Learn how to set your puppy up for a bright, boisterous future
Put simply, socialisation is the process of your puppy building confidence and learning to interact with different things within their environment - be they people, other dogs, or shifty household objects… (looking at you, vacuum cleaners!)
Socialisation starts at birth and carries on all the way through to adulthood. However, the most critical period is between 3-14 weeks of age, when your puppy is learning to form appropriate relationships and associations to things.
This means that for most new pet parents, they will need to start working on their puppy’s socialisation from day one.
Studies show that dogs who aren’t properly socialised at a young age are more likely to develop behavioural problems like fear, aggression and anxiety as adults. For example, an adult dog who’s never seen a mop before will be more likely to react with fear by barking or cowering.
While it may be hard to imagine your perfect pup ever acting in this manner, it’s important to bear in mind that once established, behavioural problems can be extremely difficult to break. They can also end up being a big source of stress on your family unit.
A happy puppy is a well-socialised puppy. So to give your pawed pal the best shot in life, it’s important that you and your family take the time to give them positive, well-rounded socialisation from a young age.
Quick tip: Good socialisation involves lots of positive exposure to different people, places, smells, sounds, and other animals.
Your puppy’s socialisation period is a time for learning. As their parent, it’s up to you to take charge, which you can do by gradually getting them exposed to as many new things as possible.
When doing this, it’s important to take your and your pup’s lifestyle into account. If you live in an urban environment, you’ll want to expose your puppy to things like crowded areas, public transport and busy streets. Whereas if you live in a rural area, you’ll want to focus more on things like livestock, bird-scarers, shooting and car travel.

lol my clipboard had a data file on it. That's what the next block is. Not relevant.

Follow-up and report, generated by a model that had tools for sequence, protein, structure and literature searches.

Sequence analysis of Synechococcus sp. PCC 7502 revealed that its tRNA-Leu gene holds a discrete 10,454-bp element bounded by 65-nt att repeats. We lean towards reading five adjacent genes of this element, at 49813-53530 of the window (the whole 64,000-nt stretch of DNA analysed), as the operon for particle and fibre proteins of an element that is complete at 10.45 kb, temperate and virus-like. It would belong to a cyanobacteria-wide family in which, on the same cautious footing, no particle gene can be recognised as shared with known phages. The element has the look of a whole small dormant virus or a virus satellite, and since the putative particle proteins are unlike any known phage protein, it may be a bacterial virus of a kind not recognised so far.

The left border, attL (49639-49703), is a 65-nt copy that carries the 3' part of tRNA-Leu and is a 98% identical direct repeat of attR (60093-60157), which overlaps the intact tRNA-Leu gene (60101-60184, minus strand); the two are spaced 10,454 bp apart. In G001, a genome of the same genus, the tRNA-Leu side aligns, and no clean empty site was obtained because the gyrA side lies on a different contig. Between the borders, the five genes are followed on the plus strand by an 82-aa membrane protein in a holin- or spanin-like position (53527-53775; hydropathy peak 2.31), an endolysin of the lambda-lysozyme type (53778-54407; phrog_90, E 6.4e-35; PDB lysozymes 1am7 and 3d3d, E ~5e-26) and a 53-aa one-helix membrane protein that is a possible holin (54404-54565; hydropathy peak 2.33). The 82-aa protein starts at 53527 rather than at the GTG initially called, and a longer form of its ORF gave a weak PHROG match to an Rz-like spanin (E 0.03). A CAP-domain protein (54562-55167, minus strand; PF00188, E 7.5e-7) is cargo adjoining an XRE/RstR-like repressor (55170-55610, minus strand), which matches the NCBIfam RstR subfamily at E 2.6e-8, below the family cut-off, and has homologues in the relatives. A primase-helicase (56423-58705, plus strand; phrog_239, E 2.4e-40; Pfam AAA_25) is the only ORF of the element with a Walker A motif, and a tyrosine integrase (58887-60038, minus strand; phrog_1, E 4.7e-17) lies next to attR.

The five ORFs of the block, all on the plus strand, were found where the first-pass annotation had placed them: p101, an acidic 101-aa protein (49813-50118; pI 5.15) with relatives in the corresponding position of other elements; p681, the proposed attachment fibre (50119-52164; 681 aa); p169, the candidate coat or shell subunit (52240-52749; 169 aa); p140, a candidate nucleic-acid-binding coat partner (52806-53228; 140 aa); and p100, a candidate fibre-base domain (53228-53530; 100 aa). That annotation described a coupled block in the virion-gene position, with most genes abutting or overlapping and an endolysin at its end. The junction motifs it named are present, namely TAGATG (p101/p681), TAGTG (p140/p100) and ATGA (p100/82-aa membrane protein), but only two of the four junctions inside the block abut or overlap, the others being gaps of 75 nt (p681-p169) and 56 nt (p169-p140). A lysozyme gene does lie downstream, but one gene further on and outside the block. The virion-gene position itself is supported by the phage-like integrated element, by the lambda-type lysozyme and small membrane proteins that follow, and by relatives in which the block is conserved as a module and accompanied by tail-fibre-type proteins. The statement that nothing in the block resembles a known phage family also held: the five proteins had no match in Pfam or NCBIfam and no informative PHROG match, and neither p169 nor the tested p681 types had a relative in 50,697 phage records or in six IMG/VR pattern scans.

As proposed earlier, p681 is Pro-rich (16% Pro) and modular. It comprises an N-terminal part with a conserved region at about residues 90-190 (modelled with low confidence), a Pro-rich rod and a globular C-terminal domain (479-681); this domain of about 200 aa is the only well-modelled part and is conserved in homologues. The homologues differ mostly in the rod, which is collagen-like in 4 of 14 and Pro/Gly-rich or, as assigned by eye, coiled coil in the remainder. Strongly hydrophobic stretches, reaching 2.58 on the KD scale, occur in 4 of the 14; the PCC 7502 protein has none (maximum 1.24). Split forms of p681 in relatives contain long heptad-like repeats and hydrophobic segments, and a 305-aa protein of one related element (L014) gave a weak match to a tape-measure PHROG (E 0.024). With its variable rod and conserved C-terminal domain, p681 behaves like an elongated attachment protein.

As for when to get started, there’s no such thing as too soon. If your puppy hasn’t had all of his or her vaccinations yet, you can still take them out in a bag or dog carrier to help get them familiarised with the sights, smells and general vibes of the areas into which they’ll be regularly venturing.
Once your pup’s received all their jabs, you’ll be free to start walking them around these local hot spots, as well as letting them interact with other dogs.
One excellent way to get them mingling with their kind is through puppy classes. Studies have shown that participation in puppy classes may reduce the chance of your pup developing anxiety or unwanted behavioural traits like aggression. If you are going to go this route, just be sure to find a class that’s structured and small in numbers so your pup doesn’t get too overwhelmed.
Lead by example If you notice your puppy becoming distressed by common triggers like big crowds, public transport, or loud music, show them that there’s nothing to worry about by remaining cool as a cucumber and ignoring whatever it is that’s causing them to fret. Seeing you get worked up over a particular stimulus will only reinforce their anxious behaviour.
Find a four-legged role model Dogs are very good at social learning. So if you have any friends or family members with an adult dog, try to set up a few playdates so your pup has a chance to learn what’s what from a pawed pro. Just make sure you select a role model who’s confident, well-socialised, and - it goes without saying - up-to-date on all their jabs.
Know when to back off If your puppy begins shaking, vocalising, or showing other signs of distress, pick them up and calmly move away from the trigger. Engage them in less distressing activities for the time being, before trying to build back up to the triggering place or object another day.
Puppies are unpredictable. There’s really no knowing what people, places, or things will end up in their bad books. But one thing you can do to minimise the chance of them developing any future phobias is to get them familiarised with common triggers from an early age. The usual suspects include:
Vacuum cleaners, brooms and mops
People of different age, gender or ethnicity
Other animals - big and small
Vet or groomers (Quick tip: Take your puppy for a friendly visit before scheduling them in for any jabs or blowouts)
Bikes, scooters and skateboards
Mobility scooters and wheelchairs
Socialisation is one of the most important parts of your puppy’s development. But it doesn’t stop there. Throughout their life, your pawed pal will constantly be coming into contact with new people, places, and experiences.
As long as you make sure these encounters are positive ones, your pup’s confidence and attitude to the world around them will only continue to soar!